Research is not easy and not uncommon to see scholars burning out on it.  Statistics have revealed that only a small percentage of scholars who begin PhD work are able to complete it and most of the drop outs, astonishingly are voluntary. The reasons for dropping out can be various, ranging from better prospects elsewhere, more money in another field, a good job offer, marriage or some more but a lot of scholars also do leave their PhD out of sheer frustration with the challenges associated with doing a research.  Wouldn’t it be better is someone warned you in advance about how emotionally draining can a PhD journey be so that you can arm and equip yourself with the demands of the journey and also know that all the ups and downs are the necessary and generalised part of the journey and you aren’t the only one facing it’s brunt.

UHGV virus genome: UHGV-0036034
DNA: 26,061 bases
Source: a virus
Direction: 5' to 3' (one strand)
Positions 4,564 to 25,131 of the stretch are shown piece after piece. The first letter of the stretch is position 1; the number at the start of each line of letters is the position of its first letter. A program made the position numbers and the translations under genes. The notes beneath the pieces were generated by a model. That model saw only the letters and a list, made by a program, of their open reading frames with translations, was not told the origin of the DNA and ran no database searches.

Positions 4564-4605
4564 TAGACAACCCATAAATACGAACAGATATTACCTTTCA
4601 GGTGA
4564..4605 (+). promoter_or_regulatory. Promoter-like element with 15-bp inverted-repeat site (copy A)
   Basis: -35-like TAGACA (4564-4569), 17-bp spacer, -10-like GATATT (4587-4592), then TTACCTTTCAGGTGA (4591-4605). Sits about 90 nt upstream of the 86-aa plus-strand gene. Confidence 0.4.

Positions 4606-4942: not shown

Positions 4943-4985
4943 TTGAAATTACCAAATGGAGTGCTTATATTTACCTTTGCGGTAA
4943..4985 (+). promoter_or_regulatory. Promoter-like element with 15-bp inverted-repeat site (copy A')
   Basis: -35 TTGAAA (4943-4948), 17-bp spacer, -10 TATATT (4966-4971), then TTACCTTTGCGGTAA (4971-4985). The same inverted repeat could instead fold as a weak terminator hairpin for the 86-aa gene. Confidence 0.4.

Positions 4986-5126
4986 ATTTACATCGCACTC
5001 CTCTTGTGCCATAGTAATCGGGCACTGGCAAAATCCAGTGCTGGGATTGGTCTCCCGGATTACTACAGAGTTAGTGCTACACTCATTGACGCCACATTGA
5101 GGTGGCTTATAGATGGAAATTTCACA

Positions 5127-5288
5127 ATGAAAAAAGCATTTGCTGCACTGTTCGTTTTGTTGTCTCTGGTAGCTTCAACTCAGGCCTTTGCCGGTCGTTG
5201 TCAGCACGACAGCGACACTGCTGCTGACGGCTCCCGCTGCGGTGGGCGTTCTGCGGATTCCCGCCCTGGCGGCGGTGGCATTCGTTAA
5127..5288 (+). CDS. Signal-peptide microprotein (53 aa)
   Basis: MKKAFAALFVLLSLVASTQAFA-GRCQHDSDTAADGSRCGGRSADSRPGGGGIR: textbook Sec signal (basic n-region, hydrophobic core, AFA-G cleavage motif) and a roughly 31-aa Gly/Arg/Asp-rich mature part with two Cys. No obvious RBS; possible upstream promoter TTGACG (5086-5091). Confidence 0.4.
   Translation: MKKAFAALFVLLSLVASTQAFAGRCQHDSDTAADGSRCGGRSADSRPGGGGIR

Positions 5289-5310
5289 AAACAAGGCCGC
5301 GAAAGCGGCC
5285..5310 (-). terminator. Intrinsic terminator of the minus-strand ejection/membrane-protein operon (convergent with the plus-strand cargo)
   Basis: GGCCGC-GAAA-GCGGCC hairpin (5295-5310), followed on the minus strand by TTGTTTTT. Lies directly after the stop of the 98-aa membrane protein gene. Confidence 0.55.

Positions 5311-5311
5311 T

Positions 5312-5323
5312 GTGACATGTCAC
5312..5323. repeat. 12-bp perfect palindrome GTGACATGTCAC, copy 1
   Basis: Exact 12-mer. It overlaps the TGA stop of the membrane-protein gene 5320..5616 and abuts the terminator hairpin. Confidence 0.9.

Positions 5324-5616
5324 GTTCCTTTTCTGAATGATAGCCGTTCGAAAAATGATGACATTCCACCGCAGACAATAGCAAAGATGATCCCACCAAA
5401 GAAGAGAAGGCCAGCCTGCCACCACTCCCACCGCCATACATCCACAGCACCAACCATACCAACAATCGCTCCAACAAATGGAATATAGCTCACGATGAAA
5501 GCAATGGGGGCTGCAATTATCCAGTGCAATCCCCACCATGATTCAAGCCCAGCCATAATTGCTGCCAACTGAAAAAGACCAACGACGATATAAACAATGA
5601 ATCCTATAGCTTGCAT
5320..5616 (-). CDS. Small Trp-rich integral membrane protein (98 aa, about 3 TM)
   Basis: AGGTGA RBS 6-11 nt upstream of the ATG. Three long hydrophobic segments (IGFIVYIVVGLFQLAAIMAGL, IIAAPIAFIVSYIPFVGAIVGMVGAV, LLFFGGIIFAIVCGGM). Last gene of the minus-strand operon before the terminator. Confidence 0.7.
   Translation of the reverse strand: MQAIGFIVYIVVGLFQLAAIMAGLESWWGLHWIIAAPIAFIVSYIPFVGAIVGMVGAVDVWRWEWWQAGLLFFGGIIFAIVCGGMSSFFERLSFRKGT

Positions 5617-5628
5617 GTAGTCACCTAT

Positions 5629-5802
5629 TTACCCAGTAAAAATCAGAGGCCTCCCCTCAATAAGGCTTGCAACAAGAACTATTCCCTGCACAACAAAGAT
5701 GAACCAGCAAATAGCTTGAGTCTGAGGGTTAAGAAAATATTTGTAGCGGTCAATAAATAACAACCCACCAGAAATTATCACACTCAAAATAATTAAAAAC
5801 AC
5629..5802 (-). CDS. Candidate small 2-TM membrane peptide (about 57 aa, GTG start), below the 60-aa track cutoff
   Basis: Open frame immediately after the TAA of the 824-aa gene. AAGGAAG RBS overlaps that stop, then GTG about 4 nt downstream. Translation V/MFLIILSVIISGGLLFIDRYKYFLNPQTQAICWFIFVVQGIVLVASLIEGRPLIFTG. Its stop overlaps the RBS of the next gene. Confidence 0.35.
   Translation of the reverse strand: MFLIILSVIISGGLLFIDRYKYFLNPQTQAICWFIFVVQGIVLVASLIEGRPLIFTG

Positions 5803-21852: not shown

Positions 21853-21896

At the foremost, you must know that risk is a part of research and a research that doesn’t have in it an element of risk isn’t really a research but a research failing isn’t really a personal failure. It is a failure of the research and rather it is your accomplishment to have taken up a project that has such great amount of risk associated with it.

If you feel little in front of people who often show success in research and bring out publications one after the other, know  that n they have had their own set of  struggle and failures and we get to only see the best in the upfront. It is quite likely that their successful projects have risen up after repeated failures.